Tokyo was a blast. I wined and dined Lee’s clients until they couldn’t see straight, and, once he was done with work, we spent several days walking all over Tokyo’s outskirts. Then we boarded the shinkansen from Tokyo to Kyoto for a week of relaxation at a ryokan and onsen. It was so quiet and peaceful and exactly what we needed after a stressful time in the States.
From Kyoto, we went home to Seoul. I got to know his friends and coworkers. I sat with Cori while she was on bed rest and took Evie to school and the playground. We hired a moving company to get my things from storage in New York and have them shipped across the ocean by slow-boat where they showed up five months later. I swear they went the long way around.
I love Seoul. It’s everything that New York City used to be to me: exciting, fun, and new, but cleaner and more polite. When I’m lost, I can always find someone to help me, and there’s no place I go that I feel threatened or unsafe. Really, Seoul is like New York got an extreme makeover to look like a hot Korean guy. How can you go wrong? I fell in love with it right away, as fast as I fell in love with Lee.
I smile, stare out the window, and wipe a sappy tear from my eye. It was not long after that Jin and Mimi, Nari and Daniel, and all of their kids visited us in Korea. I was overwhelmed with love for their bright and happy family. We rented a vacation house in Busan where we spent long, hot summer days exploring every little town and quiet evenings drinking soju and tea. I cooked for all the kids and took them to soccer games. On days off, I went shopping with Nari and Mimi. We had a fantastic time, and I barely missed Lee’s mother. We still don’t speak, but some things can’t be helped.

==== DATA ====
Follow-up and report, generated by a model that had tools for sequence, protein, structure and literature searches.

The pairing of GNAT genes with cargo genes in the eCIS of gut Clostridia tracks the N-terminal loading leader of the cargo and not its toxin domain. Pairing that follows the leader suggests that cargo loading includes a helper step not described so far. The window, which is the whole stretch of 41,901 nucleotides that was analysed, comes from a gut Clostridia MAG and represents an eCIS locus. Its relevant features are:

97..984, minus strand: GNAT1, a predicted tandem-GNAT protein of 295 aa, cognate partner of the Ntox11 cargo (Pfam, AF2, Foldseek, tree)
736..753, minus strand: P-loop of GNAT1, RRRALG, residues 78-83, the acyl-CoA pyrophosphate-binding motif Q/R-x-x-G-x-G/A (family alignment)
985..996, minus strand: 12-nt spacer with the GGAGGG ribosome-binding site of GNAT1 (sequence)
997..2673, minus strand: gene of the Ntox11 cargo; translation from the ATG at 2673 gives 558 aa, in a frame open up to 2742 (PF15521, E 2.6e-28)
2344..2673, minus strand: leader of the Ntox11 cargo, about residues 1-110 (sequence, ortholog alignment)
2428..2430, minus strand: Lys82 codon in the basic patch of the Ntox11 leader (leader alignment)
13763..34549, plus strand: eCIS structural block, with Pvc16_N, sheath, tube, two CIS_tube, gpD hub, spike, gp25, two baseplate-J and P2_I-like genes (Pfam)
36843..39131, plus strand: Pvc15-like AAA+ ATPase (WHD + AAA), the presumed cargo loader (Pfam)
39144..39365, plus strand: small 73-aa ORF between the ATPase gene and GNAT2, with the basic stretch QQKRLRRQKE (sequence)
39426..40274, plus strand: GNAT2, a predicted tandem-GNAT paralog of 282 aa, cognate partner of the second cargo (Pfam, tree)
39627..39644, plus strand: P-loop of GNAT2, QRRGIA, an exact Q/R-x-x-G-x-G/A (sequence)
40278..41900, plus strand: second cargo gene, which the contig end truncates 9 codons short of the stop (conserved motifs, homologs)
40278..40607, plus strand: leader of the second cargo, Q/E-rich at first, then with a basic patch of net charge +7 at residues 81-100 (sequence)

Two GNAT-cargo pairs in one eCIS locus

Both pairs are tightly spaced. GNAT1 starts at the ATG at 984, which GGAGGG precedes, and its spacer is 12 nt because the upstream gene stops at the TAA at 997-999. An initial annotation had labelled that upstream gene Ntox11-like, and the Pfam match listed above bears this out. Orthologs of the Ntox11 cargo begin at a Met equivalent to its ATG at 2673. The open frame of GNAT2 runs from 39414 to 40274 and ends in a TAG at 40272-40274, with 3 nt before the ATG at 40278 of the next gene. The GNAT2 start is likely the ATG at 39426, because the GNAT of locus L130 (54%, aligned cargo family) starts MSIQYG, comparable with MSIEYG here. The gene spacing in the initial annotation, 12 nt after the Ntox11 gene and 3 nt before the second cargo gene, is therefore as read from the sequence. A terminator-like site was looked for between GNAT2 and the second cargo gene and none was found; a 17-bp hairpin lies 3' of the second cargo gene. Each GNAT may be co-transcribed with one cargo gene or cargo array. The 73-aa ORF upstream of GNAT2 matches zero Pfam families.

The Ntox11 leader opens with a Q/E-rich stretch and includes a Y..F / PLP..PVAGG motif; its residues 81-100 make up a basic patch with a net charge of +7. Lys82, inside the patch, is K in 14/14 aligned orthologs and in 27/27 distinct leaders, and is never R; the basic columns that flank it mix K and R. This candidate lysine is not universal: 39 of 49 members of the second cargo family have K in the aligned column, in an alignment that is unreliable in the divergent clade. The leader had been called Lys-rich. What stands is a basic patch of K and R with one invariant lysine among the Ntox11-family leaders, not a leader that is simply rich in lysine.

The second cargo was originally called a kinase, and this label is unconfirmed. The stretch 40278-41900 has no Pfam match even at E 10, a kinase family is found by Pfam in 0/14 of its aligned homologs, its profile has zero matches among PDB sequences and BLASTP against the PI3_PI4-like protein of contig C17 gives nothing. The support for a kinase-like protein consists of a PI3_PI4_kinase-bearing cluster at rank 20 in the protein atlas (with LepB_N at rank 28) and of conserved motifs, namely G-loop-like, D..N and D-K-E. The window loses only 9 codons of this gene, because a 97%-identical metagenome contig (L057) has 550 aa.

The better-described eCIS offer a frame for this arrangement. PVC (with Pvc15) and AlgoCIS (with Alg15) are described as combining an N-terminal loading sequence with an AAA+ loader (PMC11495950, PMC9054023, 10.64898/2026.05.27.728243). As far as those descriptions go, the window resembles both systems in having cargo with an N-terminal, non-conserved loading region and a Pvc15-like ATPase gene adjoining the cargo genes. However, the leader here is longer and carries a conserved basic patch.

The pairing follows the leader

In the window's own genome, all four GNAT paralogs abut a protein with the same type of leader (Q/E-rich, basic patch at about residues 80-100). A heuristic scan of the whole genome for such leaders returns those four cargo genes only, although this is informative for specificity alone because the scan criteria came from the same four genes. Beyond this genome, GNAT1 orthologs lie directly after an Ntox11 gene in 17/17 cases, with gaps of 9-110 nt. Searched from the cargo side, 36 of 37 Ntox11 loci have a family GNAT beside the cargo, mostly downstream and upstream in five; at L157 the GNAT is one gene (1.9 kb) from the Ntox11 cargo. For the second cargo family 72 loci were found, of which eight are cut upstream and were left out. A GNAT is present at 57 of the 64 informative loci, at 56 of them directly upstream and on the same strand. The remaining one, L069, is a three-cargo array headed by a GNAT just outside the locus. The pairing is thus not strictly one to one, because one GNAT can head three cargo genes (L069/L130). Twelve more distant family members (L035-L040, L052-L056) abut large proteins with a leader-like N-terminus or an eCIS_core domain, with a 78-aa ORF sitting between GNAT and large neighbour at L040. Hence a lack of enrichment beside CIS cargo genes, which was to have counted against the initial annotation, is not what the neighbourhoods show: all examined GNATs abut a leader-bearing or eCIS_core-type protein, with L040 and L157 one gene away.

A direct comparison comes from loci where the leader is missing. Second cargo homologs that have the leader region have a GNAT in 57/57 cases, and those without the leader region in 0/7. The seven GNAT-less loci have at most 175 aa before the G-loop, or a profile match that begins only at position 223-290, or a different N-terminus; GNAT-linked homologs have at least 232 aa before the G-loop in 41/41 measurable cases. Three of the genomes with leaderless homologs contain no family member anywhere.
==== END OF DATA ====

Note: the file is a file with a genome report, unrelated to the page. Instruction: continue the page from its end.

Scrolling through the dashboard of my blog, I find the next most popular post: my trip to India accompanied by a photo of me handcuffed…
India was fun and frustrating: fun for me, frustrating for Lee. It’s the only time we’ve ever fought. He told me not to take public transportation, and I yelled that I was a big girl and could handle anything. And then four hours later, he was called to the local police precinct to retrieve me. An old man felt me up on the bus, and I almost broke his arm before putting him in a head-lock.
I know we laugh about it now, but he didn’t speak to me for a few days. Our newest warning every time we enter a new country is, “Be careful. Laura fights back.” I know Lee was angry because he just wanted me to be safe, and I promised to rein in my sense of adventure so he wouldn’t worry about me all day. I still love India. Let’s hope the next time I’m there to study yoga, I heed Lee’s word and walk or take the “women only” buses.